|Authors:||Alejandro Valdecantos and Ramón Vallejo (CEAM) with input from study sites
|Source document:||Valdecantos & Vallejo. (2015) Report on structural and functional changes associated to regime shifts in Mediterranean dryland ecosystems. CASCADE Project Deliverable 5.1.|
CASCADE field sites include different Mediterranean ecosystems in a wide range of climates and degradation pressures and, as a consequence, the range of values of ecosystem properties obtained is also very large. Although comparisons between such different sites is not straightforward, Albatera, which holds the lowest aridity index, and, in a lesser extent, Randi represent the ecosystems with lower quality and functioning. Albatera presents the worst values of plant and interpatch cover, patch size (both Reference and Degraded states), diversity and infiltration (Degraded) and stability indices (Reference) of all six sites. On the contrary, Ayora offered the highest values of the Degraded states of all sites in plant spatial distribution and LFA indices. Biodiversity indices were highest in Castelsaraceno both for the Reference and the Degraded (Undergrazed) states and lowest in Várzea (Reference) and Albatera (Degraded). Várzea showed the two extreme values for aboveground biomass: the lowest in the Degraded (just two years after the last fire) and the highest in the Reference. In general, climate conditions frame degradation vulnerability through their effect on plant productivity and, probably, in plant community resilience to disturbances.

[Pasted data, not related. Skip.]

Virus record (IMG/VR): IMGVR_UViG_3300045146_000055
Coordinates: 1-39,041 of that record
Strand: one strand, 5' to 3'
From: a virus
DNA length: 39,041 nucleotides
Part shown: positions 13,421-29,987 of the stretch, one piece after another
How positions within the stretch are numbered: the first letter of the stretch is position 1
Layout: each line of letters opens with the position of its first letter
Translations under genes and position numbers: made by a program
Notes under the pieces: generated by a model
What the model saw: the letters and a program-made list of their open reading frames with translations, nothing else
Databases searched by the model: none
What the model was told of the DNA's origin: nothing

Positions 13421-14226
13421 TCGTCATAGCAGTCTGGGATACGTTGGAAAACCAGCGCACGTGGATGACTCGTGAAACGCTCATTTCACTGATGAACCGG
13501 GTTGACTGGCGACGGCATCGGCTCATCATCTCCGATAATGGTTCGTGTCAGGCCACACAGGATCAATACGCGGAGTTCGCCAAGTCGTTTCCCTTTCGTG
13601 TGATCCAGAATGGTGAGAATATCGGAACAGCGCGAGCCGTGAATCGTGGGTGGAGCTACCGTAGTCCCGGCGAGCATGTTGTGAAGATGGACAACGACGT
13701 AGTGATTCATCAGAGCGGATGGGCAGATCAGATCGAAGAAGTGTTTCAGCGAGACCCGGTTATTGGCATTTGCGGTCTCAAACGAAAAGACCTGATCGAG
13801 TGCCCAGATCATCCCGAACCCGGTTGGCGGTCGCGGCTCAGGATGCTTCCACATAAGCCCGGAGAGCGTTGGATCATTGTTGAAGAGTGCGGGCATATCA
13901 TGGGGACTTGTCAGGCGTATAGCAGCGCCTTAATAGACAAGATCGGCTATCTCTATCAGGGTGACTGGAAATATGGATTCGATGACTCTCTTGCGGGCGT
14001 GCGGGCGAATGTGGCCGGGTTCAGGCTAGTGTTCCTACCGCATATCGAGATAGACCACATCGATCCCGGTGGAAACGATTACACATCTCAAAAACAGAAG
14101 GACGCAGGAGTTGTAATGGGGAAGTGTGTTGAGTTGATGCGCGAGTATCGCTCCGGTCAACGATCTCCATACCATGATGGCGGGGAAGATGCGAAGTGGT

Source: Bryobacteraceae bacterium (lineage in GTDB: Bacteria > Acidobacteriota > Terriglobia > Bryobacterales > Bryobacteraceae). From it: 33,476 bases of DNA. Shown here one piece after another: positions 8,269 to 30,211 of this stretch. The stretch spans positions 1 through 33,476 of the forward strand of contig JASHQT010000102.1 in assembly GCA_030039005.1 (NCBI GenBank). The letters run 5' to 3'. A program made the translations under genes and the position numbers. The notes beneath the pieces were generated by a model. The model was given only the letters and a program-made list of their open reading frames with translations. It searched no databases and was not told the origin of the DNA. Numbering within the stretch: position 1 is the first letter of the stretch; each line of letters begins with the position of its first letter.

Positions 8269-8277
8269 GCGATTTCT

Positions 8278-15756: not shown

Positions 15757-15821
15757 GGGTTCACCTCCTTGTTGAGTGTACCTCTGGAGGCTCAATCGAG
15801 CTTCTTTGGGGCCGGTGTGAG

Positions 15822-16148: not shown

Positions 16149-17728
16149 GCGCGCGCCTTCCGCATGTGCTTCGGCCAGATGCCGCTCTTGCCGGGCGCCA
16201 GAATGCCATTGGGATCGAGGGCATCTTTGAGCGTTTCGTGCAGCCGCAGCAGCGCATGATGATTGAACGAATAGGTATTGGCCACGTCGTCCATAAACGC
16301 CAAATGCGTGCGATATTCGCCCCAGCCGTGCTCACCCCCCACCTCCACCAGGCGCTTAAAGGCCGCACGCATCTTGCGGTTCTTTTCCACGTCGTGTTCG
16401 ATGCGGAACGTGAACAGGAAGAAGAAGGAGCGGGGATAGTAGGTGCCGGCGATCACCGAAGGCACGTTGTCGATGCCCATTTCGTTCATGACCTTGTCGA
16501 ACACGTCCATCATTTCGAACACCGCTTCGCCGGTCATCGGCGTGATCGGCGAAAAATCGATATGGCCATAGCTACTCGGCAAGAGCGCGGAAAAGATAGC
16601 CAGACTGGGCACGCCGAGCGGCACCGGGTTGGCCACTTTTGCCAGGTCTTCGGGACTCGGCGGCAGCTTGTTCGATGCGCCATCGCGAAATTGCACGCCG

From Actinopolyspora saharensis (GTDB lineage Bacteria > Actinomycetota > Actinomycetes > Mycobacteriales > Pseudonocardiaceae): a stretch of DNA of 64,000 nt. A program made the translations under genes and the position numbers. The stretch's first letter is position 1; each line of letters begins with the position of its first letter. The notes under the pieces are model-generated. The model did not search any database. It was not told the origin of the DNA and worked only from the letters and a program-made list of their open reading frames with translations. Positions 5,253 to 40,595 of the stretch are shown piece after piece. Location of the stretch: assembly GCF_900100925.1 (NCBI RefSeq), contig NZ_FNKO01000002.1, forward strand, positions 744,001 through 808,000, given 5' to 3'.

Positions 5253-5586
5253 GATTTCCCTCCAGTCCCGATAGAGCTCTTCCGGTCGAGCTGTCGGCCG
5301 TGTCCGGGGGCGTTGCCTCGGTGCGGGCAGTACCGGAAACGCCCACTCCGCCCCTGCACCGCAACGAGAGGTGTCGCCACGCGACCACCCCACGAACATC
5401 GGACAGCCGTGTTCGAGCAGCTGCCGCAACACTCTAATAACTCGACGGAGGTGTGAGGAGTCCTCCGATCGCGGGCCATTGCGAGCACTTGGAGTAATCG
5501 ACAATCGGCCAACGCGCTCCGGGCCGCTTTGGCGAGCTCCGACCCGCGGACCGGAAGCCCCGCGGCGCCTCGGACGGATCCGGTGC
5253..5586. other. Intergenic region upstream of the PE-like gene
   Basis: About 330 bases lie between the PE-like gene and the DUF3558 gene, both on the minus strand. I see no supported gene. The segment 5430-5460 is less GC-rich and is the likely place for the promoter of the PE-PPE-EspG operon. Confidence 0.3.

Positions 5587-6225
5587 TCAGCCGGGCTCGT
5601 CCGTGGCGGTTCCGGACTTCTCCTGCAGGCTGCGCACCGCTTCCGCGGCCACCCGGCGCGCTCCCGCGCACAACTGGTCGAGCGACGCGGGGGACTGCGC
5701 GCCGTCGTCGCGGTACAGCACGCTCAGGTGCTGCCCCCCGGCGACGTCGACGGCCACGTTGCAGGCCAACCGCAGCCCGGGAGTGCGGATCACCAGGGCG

Areas under pressure from grazing
In general, the plant communities in the Degraded situations are very different from the respective healthy References both in composition and abundance. Pressure resulted in more homogeneous communities than in undisturbed states, except in Randi, where high heterogeneity is observed within both Reference and Degraded ecosystems, and Castelsaraceno, with little variations within degradation levels. Intense grazing may represent a stronger effect than soil texture in determining vegetation pattern distribution (Fuhlendorf and Smeins 1998). However, Adler et al. (2001) suggested that grazing might lead either to higher or lower heterogeneity depending on both the pre-grazing spatial pattern of vegetation and grazing.